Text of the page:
South African anti-Apartheid struggle poet, with Oromo ancestry, Neville Alexander dies
September 3, 2012
Dr. Neville Alexander died on Monday, August 27, 2012, after a crippling, albeit brief battle with lung cancer. Professor Neville Alexander, a public intellectual, a prominent educationist and a hero of the struggle for liberation was 75 years old.
In a statement released by the presidency, President Zuma’s office said Alexander would be “remembered for his pioneering work on language policy, including his most recent work, focusing on the tension between multilingualism and the hegemony of the English language in the public sphere.”
“We are saddened by this tragic loss of a South African who had contributed selflessly to the struggle for liberation and to building a better society and a better South Africa. At a professional level, Dr. Alexander, as an accomplished linguist, contributed immensely to language development in our country. The country has lost a person of high intellectual and academic standing. We extend our deepest condolences to Dr Alexander’s family, relatives and friends,” Zuma said in the statement.
In its tribute to Alexander, the University of Cape Town, where he was teaching, said in a statement that Alexander was an “acclaimed linguist, academic and anti-Apartheid struggle veteran.” He was all that, yes, but it is a tribute to Alexander that those labels simply do not do him justice. For a man of his stature, these labels, well-meaning and fitting as they certainly are, also fall short of describing what exactly Alexander stood for – and what exactly South Africa has just lost.
Alexander was born in Cradock, Eastern Cape, South Africa to David James Alexander and Dimbiti Bisho Alexander, a schoolteacher. Dimbiti’s mother, Bisho, was one of a group of Ethiopian Oromo slaves freed by a British warship in 1888 off the coast of Yemen, then taken round the African coast and placed in the care of missionaries in South Africa [detail ayyaantuu].
Nerville father was David James Alexander, a carpenter. From his father the young Neville inherited a strong sense of white oppression in South Africa, while this was leavened by his mother’s Christian values and respect for everyone.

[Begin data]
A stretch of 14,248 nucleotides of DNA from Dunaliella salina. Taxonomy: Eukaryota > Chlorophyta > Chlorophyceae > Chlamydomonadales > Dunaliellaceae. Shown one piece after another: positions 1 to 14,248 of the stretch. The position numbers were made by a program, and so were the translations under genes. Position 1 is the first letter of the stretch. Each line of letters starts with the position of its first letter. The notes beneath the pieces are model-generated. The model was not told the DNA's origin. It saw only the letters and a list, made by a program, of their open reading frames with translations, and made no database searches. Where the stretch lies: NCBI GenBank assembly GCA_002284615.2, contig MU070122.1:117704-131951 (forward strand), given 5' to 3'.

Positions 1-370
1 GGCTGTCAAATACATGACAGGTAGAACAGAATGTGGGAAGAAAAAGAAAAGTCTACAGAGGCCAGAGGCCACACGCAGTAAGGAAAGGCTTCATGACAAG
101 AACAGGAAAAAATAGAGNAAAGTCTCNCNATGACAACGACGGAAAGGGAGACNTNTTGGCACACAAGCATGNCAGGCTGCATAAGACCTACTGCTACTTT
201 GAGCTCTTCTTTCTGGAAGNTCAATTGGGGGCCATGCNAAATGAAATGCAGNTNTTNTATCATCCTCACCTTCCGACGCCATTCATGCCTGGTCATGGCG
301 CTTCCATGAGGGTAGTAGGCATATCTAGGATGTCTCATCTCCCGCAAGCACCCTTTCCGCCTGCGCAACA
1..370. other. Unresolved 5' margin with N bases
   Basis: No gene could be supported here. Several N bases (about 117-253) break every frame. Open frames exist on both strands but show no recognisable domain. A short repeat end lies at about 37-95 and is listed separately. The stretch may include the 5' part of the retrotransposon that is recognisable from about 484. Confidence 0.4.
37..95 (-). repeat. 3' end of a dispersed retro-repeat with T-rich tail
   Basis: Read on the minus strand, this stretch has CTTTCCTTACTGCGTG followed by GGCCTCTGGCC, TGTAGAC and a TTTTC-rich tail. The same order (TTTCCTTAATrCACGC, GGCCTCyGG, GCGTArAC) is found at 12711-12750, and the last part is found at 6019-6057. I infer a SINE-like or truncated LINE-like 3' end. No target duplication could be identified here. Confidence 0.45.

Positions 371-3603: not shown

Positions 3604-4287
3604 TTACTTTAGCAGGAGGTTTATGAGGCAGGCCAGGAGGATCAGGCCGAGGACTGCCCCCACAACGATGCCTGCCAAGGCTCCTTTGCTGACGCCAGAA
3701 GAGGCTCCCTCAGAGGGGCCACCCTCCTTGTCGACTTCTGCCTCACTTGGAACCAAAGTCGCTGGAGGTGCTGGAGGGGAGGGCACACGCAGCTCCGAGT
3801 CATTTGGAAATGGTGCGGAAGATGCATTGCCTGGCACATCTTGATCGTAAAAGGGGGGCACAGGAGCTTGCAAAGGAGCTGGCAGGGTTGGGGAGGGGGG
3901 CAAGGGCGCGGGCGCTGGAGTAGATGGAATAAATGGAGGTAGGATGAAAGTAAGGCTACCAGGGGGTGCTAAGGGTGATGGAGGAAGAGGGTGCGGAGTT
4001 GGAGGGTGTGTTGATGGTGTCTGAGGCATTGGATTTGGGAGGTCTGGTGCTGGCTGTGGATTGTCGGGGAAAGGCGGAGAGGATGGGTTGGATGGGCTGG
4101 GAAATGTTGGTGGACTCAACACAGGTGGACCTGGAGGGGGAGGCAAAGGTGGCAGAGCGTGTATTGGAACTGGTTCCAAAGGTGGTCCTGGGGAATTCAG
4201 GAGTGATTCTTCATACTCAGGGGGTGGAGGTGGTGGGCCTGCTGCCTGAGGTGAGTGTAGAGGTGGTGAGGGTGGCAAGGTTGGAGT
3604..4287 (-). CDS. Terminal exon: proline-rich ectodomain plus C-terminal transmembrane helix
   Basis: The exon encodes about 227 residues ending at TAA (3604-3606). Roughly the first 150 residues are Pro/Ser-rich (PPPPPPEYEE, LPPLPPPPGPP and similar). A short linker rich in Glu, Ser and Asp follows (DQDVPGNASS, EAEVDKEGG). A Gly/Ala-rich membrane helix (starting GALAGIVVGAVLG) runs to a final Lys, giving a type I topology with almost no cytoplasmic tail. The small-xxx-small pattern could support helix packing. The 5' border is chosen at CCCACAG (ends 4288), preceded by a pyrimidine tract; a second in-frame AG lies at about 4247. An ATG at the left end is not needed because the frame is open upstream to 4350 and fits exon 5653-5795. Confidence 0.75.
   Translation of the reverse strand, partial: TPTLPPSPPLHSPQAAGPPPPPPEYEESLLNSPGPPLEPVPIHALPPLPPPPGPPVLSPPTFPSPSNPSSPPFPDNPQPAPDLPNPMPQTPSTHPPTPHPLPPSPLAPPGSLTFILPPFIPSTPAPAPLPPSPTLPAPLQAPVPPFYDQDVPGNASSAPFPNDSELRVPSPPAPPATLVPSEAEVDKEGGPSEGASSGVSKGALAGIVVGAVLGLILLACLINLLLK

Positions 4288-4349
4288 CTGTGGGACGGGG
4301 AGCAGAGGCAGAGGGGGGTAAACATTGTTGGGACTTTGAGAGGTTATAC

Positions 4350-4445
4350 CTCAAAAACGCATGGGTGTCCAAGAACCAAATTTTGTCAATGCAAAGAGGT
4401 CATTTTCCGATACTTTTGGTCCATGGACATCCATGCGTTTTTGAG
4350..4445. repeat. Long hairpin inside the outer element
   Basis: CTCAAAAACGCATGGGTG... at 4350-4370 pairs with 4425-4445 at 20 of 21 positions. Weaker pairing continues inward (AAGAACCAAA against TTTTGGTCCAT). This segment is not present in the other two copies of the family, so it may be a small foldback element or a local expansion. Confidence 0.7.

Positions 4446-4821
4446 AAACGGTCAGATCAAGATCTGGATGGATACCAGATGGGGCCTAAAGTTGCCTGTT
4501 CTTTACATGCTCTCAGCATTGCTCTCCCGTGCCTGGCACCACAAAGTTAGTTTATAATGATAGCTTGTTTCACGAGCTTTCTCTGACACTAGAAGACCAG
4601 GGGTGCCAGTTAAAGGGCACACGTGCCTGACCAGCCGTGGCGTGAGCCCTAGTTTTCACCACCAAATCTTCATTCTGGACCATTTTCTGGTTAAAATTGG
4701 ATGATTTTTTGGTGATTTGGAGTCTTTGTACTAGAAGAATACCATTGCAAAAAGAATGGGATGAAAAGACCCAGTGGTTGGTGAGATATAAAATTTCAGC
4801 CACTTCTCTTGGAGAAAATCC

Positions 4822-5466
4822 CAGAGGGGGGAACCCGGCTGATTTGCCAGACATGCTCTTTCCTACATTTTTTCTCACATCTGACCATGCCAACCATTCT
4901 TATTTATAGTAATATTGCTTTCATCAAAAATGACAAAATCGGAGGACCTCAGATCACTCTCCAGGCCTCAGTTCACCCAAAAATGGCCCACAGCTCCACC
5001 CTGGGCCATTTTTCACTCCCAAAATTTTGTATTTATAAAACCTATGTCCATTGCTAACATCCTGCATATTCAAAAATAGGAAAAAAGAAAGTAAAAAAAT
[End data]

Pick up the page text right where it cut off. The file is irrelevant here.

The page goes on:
Bisho, the grandmotherBisho Jarsa, trained as a domestic servant, went on to become a teacher
Commander Gissing’s mission was part of British attempts to end the slave trade – a trade that London had supported until 1807, when it was abolished across the British Empire.
All the 204 slaves freed by Commander Gissing were from the Oromo ethnic group and most were children.
The Oromo, despite being the most populous of all Ethiopian groups, had long been dominated by the country’s Amhara and Tigrayan elites and were regularly used as slaves.
Emperor Menelik II, who has been described as Ethiopia’s “greatest slave entrepreneur”, taxed the trade to pay for guns and ammunition as he battled for control of the whole country, which he ruled from 1889 to 1913.
Bisho Jarsa was among the 183 children found on the dhows.
Her first memory of the British was the sound of automatic gunfire blasting into the sails and rigging of the slave dhow while she huddled below deck with the other Oromo children.
They all fully expected to be eaten as this is what the Arab slave traders had told them would happen if they were captured by the British.
But Commander Gissing took the Oromo to Aden, where the British authorities had to decide what to do with the former slaves.
After many children were displaced, Bisho and the remaining children reached Lovedale on 21 August 1890.
In that year, the Lovedale authorities asked the survivors whether they would like to return to Ethiopia.
Some opted to do so, but it was only after a protracted process, involving the intervention of German advisers to Emperor Menelik, that 17 former slaves sailed back to Ethiopia in 1909.
The rest had by this time married or found careers and opted to stay in South Africa.
Bisho was trained for domestic service, but she must have shown signs of special talent, because she was one of only two of the Oromo girls who went on to train as a teacher.
In 1902 she left Lovedale and found a position at a school in Cradock, then in 1911 she married Frederick Scheepers, a minister in the church.
Frederick and Bisho Jarsa had a daughter, Dimbiti. Dimbiti married David Alexander and one of their children, born on 22 October 1936, was Neville Alexander.
On their arrival in Yemen, the children were looked after by local families and missionaries
Professor Nerville tried to trace back to the fate of the returnees to Ethiopia in 1909. We do not know how far he succeeded. The names of these returnees:
1. Aguchello Chabani
2. Agude Bulcha
3. Amanu Figgo
4. Baki Malaka
5. Berille Boko Grant
6. Dinkitu Boensa
7. Fayesse Gemo
8. Fayissa Umbe
9. Galgal Dikko
10. Galgalli Shangalla
11. Gamaches Garba
12. Gutama Tarafo
13. Hawe Sukute
14. Liban Bultum
15. Nagaro Chali
16. Nuro Chabse
17. Rufo Gangilla
18. Tolassa Wayessa
Details are found here: